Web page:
fixed sample

Fig. 4. Real-time policy multipliers implied by the estimated model are graphed by vintage from February 1997 to November 2015. The dashed line comes from estimates obtained using the benchmark sample period 1965:Q3 to 1996:Q3. The solid line is derived using progressively larger samples that contain the latest observations available at the time. The policy multiplier is defined as the cumulative two-year response of real output to an unexpected 50-basis-point rise in the federal funds rate.

model regularly predicted that output would fall by an average of about 2.6 percent (over two years) following a surprise 50-basis-point increase in the funds rate. But after the July 2013 revision to the NIPA, the forecast jumped to around −2.9 percent and stayed at that level through 2015. The timing of this change is not surprising given results in the previous section which point to the August 2013 vintage as having a significant impact on estimates of key structural parameters. The other revisions tend to have a smaller effect on model estimates and therefore less influence on the assessment of policy multipliers in real time.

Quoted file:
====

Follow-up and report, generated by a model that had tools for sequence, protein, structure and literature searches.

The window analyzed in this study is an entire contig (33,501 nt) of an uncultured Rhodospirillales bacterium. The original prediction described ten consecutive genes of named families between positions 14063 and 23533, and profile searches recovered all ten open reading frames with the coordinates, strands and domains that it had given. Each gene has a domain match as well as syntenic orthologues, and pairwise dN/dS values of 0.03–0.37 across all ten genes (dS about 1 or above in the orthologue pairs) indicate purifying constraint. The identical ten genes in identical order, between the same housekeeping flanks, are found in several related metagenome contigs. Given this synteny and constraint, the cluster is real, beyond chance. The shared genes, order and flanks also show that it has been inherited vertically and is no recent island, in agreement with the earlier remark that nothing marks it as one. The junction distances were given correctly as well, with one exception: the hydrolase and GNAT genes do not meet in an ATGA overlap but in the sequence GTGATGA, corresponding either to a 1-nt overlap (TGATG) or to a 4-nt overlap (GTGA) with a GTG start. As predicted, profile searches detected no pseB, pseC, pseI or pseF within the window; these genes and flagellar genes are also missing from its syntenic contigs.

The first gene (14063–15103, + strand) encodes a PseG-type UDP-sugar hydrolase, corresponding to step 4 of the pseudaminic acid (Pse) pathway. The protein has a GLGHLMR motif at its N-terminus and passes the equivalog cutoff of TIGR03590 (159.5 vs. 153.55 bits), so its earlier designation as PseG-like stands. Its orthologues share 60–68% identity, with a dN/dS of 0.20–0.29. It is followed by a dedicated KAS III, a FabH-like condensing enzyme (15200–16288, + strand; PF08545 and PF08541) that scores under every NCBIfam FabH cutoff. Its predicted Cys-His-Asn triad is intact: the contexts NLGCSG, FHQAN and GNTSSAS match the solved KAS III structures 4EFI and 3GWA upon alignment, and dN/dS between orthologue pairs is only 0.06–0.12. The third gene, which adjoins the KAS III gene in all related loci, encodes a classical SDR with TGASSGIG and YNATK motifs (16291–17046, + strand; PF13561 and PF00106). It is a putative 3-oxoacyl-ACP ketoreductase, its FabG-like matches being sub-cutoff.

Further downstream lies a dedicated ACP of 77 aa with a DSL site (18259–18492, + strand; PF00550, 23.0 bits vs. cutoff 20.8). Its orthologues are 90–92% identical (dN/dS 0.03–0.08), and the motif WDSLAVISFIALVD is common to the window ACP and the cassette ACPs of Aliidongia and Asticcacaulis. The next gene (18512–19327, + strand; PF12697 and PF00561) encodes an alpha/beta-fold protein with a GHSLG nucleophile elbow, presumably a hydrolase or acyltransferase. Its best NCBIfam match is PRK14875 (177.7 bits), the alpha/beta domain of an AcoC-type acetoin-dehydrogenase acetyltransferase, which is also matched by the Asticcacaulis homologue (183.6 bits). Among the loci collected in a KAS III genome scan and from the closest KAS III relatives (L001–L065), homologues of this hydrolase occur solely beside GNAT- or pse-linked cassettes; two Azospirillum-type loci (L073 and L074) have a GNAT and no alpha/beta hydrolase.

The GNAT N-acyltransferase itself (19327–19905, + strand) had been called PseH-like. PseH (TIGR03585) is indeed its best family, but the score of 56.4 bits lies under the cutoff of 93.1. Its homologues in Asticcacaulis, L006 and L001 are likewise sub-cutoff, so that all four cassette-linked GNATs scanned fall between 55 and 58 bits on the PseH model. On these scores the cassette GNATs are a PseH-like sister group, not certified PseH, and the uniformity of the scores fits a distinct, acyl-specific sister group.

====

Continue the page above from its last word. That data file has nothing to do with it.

Concluding Remarks

Put simply, DSGE methodology is nothing more than a framework for interpreting macroe-conomic data. What distinguishes it from its predecessors is the explicit use of coherent microeconomic foundations. But like any other framework, for the interpretations born out of DSGE to be regarded as empirically valid, the estimation results should hold up to data revisions, particularly the broad structural revisions about which most theoretical models are ambiguous. If instead the results are highly sensitive to changes in the data, then the model may yield little insight on the sources of key business cycle relationships.